On her second album, Nelly Furtado takes a hard left turn. The colorful but incomplete fusion of her debut, Whoa, Nelly!
, gives way on the tellingly titled Folklore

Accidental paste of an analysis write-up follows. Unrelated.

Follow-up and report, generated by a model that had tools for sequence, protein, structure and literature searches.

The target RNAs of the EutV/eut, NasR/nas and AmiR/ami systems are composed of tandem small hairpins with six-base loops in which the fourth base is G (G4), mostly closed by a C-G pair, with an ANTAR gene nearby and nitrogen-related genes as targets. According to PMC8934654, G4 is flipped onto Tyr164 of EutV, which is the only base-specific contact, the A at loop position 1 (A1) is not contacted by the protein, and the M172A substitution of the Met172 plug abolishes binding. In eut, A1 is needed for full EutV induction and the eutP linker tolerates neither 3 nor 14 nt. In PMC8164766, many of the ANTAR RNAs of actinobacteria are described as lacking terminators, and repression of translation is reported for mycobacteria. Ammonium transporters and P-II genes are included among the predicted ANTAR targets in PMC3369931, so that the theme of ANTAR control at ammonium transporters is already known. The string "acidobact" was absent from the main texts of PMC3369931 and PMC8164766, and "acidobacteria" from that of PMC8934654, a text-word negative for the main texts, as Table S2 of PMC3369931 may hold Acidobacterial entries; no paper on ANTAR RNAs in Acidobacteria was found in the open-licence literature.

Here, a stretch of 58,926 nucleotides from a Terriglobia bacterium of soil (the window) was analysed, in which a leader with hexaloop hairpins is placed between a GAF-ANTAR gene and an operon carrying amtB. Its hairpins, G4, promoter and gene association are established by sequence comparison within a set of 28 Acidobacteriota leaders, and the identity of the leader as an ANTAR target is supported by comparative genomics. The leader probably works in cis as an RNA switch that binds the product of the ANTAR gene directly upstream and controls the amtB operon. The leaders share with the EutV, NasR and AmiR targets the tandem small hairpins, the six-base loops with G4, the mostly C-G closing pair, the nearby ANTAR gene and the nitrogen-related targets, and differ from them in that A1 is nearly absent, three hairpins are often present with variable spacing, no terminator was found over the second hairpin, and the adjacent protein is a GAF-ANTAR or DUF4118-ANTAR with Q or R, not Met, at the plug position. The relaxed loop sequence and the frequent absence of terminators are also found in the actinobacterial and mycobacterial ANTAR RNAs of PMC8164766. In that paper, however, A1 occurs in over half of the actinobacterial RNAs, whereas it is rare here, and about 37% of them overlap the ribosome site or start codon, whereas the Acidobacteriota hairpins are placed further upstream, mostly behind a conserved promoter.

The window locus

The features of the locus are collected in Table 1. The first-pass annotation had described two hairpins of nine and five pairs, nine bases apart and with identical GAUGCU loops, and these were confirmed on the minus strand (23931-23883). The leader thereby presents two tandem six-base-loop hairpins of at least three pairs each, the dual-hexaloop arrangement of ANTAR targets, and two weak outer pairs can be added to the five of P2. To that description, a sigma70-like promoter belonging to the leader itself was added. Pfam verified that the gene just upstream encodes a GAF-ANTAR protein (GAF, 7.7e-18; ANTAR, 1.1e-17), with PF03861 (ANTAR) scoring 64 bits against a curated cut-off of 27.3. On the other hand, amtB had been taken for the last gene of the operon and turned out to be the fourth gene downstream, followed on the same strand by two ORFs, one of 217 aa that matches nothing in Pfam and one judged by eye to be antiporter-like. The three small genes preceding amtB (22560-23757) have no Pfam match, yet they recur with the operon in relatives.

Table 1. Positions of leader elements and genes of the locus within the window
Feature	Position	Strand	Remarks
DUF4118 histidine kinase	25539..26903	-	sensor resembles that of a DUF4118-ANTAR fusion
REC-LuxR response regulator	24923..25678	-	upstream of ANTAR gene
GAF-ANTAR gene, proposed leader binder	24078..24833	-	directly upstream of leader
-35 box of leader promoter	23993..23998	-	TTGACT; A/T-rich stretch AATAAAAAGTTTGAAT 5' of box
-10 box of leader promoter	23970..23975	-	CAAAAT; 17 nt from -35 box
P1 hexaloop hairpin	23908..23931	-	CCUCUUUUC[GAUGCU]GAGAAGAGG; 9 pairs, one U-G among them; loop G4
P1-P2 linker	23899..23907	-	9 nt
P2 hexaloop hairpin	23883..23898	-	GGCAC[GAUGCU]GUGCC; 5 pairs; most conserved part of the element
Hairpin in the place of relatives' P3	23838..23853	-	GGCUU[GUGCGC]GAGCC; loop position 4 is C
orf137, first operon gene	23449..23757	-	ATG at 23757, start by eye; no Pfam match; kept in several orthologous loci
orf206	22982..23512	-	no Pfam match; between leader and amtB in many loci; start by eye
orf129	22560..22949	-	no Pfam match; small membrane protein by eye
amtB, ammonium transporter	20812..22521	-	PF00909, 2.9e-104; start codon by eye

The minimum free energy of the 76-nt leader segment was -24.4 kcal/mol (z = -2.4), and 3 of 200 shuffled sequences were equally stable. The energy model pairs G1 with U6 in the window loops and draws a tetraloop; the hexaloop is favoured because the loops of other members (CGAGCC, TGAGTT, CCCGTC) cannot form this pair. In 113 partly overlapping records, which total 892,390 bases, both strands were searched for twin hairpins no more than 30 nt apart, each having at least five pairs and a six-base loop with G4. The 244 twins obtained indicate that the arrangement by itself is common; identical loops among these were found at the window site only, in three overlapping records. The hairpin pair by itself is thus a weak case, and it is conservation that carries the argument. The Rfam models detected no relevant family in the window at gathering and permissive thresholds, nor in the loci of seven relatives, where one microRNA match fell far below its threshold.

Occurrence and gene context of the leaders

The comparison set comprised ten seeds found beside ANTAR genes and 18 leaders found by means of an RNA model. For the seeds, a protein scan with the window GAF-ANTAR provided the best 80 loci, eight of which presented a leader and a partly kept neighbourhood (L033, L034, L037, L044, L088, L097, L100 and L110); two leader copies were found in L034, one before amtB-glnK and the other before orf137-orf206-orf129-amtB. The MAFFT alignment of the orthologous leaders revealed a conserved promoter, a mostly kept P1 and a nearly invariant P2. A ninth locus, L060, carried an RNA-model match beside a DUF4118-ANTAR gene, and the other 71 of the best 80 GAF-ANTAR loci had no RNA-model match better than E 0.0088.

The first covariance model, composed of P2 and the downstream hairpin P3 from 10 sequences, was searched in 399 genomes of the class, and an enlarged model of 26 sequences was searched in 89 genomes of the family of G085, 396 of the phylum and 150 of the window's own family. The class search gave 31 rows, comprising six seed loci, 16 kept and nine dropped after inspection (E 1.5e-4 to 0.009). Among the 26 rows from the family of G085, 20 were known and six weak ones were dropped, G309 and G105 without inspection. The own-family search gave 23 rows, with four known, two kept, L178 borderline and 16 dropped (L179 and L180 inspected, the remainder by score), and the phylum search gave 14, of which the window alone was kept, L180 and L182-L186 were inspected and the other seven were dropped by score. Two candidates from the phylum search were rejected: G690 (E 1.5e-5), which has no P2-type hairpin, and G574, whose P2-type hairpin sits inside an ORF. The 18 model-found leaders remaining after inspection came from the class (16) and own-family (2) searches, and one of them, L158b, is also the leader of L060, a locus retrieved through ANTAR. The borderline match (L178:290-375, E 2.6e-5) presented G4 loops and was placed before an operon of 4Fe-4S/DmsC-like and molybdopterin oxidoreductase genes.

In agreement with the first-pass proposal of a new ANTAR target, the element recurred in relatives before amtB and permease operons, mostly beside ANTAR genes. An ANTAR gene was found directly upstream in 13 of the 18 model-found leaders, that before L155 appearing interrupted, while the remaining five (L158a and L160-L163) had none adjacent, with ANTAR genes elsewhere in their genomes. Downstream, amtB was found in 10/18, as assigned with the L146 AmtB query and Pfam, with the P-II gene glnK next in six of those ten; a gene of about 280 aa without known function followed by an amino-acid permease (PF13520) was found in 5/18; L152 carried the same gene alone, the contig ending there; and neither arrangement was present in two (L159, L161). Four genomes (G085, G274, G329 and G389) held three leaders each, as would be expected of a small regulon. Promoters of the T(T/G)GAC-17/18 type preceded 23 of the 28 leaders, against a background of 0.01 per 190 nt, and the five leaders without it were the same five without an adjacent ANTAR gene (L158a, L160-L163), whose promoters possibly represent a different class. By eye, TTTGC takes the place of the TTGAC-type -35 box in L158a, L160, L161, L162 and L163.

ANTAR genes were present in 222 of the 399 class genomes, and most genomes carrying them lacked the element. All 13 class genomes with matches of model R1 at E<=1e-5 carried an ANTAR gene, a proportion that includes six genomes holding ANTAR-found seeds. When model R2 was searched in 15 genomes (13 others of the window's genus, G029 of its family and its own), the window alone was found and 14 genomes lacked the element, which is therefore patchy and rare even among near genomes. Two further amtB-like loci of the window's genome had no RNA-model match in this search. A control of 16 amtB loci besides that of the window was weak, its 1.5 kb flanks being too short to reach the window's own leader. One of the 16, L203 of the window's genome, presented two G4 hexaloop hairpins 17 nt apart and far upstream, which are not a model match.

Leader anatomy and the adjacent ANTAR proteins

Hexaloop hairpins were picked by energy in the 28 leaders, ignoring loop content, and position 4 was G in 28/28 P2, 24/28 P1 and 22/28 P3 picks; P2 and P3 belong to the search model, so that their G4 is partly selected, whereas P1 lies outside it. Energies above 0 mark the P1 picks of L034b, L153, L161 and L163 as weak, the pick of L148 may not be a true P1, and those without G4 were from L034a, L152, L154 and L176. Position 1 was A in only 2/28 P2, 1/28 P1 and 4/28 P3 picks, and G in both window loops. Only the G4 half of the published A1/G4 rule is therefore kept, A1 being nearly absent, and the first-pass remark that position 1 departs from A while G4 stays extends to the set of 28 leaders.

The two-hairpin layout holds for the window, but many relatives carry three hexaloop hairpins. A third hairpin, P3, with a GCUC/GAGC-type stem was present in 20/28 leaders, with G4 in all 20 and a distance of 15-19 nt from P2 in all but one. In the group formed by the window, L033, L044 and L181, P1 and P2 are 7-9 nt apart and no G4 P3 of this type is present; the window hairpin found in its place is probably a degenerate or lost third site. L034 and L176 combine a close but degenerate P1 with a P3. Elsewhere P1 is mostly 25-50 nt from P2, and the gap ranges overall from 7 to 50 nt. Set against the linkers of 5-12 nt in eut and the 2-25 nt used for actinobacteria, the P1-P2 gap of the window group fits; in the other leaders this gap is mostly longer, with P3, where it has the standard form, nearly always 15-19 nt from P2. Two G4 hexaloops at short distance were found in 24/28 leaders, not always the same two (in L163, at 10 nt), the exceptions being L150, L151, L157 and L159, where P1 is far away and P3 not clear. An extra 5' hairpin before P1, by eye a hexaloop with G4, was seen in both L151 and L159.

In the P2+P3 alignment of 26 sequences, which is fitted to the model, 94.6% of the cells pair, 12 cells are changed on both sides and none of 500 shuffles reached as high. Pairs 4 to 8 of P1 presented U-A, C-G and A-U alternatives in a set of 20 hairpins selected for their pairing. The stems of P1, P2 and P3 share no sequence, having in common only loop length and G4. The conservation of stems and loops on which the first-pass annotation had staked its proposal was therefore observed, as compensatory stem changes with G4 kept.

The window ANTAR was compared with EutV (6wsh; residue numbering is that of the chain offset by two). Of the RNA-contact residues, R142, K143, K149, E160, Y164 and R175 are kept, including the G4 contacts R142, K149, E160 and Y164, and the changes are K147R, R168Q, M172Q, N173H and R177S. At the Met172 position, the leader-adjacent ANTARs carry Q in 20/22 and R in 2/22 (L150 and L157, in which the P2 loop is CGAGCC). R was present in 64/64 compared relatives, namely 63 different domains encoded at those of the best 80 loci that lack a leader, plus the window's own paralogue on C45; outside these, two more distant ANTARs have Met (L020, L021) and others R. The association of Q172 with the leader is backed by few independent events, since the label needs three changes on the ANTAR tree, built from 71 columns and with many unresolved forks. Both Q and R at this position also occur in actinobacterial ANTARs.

to an approach that lets in some acoustic sounds that take the music in an entirely different, richer direction. At times sounding like a dead ringer for singer-writer Sam Phillips (whose work colors each episode of the TV series "Gilmore Girls"), Furtado aims for more rock-oriented ground without losing the Brazilian influences that are so much a part of her identity. Her voice and tunes are strong, and both words and music paint a young woman still very much in movement, change, flux. Its an intriguing sound, and one that thoughtful listeners will cherish. --Rickey Wright